I believe John Edwards. I believe his passionate statements on behalf of the poor. I believe that the faith he says animates him is real. I believe that he has made quiet and selfless trips to care for the suffering around the world. I believe he knows what poverty is like and that his faith in Jesus requires him to care for the poor. I believe that those who criticize him for living in a huge house while talking about the poor should shut up – by that standard should only the sick get to talk about health care? I really, truly, absolutely believe John Edwards.
But I’m skeptical. Blame President Bush for that.
I walked away from a long meeting with Gov. George W. Bush in early 1998 believing certain things – that compassionate conservatism motivated him, that his talk of “racial, social and economic justice” was sincere, that he really was a “different kind of Republican.” I believed it so much I went to work for him and ended up spinning the facts so I wouldn’t have to have my beliefs disturbed. I’ve been set straight.
John Edwards has many distinct advantages over the George W. Bush of 1998. Bush had been moved by a single question asked him by a young man in a juvenile detention facility. “What do you think of me?” He didn’t have an answer but nobly wrestled with it and out of the wrestling came his compassionate conservatism. Like Jesus’ parable of the seed and the sower, however, it sprung up quickly but had no roots and just as quickly it died away.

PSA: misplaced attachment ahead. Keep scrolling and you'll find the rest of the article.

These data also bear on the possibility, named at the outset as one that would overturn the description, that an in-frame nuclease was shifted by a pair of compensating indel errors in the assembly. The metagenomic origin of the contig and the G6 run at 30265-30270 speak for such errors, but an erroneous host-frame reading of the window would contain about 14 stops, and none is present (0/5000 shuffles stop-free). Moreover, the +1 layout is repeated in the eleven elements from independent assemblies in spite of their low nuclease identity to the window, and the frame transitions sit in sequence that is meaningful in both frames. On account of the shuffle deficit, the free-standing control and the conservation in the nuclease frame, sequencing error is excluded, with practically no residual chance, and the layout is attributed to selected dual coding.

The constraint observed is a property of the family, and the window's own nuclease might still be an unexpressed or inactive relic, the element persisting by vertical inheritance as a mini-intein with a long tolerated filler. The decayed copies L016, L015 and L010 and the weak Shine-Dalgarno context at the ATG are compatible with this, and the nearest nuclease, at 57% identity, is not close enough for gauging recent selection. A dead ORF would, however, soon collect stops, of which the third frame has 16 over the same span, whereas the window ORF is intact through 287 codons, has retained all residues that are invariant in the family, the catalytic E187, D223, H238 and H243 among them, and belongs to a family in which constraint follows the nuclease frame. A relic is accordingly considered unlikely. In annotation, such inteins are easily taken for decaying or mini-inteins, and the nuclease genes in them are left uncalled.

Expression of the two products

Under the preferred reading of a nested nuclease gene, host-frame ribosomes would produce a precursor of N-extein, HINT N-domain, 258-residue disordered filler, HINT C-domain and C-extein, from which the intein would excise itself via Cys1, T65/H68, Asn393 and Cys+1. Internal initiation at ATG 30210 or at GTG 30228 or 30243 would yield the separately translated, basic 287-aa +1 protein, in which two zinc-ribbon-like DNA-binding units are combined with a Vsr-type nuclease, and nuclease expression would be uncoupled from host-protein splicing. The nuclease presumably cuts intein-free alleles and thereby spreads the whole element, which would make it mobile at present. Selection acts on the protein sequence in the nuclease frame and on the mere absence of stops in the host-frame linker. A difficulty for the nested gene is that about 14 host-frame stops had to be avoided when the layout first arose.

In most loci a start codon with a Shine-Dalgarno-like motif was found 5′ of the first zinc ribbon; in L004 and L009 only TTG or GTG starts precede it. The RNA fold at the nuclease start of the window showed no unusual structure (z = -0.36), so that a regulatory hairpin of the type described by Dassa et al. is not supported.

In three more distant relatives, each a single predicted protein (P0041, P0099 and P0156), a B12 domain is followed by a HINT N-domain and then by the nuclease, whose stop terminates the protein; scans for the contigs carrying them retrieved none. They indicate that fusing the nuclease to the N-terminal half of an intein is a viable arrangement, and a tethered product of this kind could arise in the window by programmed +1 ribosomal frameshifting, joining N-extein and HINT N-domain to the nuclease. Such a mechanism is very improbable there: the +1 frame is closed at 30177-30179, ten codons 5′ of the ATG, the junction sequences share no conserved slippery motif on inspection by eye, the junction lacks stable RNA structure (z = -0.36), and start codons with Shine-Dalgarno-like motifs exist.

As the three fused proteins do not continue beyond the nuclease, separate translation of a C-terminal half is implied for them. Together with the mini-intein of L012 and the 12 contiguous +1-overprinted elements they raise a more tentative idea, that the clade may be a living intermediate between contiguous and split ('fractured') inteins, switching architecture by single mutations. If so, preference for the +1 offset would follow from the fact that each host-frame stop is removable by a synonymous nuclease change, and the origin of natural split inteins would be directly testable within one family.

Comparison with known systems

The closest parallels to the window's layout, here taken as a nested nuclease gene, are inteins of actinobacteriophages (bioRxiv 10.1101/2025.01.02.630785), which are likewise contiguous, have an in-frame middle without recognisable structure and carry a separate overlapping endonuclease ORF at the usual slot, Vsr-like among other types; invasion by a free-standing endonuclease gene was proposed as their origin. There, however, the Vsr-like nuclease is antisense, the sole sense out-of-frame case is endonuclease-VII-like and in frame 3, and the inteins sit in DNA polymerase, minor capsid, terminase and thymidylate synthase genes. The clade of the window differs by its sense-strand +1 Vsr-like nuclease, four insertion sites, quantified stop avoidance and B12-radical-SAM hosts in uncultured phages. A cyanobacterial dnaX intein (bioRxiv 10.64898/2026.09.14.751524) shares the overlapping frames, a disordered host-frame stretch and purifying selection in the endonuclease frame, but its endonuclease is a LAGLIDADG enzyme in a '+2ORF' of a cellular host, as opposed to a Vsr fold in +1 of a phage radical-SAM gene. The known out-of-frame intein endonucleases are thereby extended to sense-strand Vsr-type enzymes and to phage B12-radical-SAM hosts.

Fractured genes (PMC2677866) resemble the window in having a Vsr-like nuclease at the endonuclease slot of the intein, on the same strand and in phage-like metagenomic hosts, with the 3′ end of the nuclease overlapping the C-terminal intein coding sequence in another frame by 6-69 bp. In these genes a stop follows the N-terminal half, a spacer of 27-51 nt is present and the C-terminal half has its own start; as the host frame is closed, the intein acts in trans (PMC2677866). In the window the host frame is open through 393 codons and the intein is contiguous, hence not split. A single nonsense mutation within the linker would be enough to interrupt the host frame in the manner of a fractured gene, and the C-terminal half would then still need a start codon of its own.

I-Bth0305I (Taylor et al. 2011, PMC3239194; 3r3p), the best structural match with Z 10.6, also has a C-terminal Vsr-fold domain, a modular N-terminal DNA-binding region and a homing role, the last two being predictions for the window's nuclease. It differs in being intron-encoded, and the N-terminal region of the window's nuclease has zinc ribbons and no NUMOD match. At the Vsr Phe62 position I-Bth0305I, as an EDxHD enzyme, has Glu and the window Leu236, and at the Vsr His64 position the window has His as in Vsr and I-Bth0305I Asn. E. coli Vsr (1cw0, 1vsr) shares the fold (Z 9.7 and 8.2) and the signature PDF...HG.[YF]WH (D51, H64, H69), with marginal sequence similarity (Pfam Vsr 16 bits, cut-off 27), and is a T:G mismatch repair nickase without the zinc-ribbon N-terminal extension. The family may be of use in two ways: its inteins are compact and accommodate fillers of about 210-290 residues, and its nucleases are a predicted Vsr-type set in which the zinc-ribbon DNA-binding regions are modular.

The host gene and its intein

Edwards has more than anecdotes. He actually did grow up poor as he has talked about perhaps a bit too much. But more than that he has put himself in suffering’s way. Casual mentions of trips to some of the world’s poorest places mingle with talk of the suffering he has experienced in his own life – the loss of a son, his wife’s breast cancer. To John Edwards combating poverty and fighting for the poor isn’t a novel idea – there isn’t any starry-eyed talk about solving poverty, just a firm resolve to address it. That is good.
He is also less brazen about his faith. He obviously understands the great political benefits (and increasing necessity) of talking about it – this very successful litigator knows how to win a case after all. Still, there is a striking and attractive reticence for being too spiritually naked. Then again, that may simply be the trial lawyer judging the jury.
Ultimately, however, the proof will be in the actions. Will he continue to make the poor a center of his agenda? With increasingly success – if it comes, and I believe it will – will he still display that same passion? And, if elected, will he actually follow though on his promises? That is the only question that ultimately matters. Promises to the poor are sacred promises, a test of character and of faith because they depend more than most promises on the person making them. There are no great lobbyists who push the poor, no Fortune 500 companies throwing parties for candidates who support the poor, in fact, no one really cares about the poor in politics except for those who make the promises.
Is John Edwards real and genuine? He may have the chance to prove it.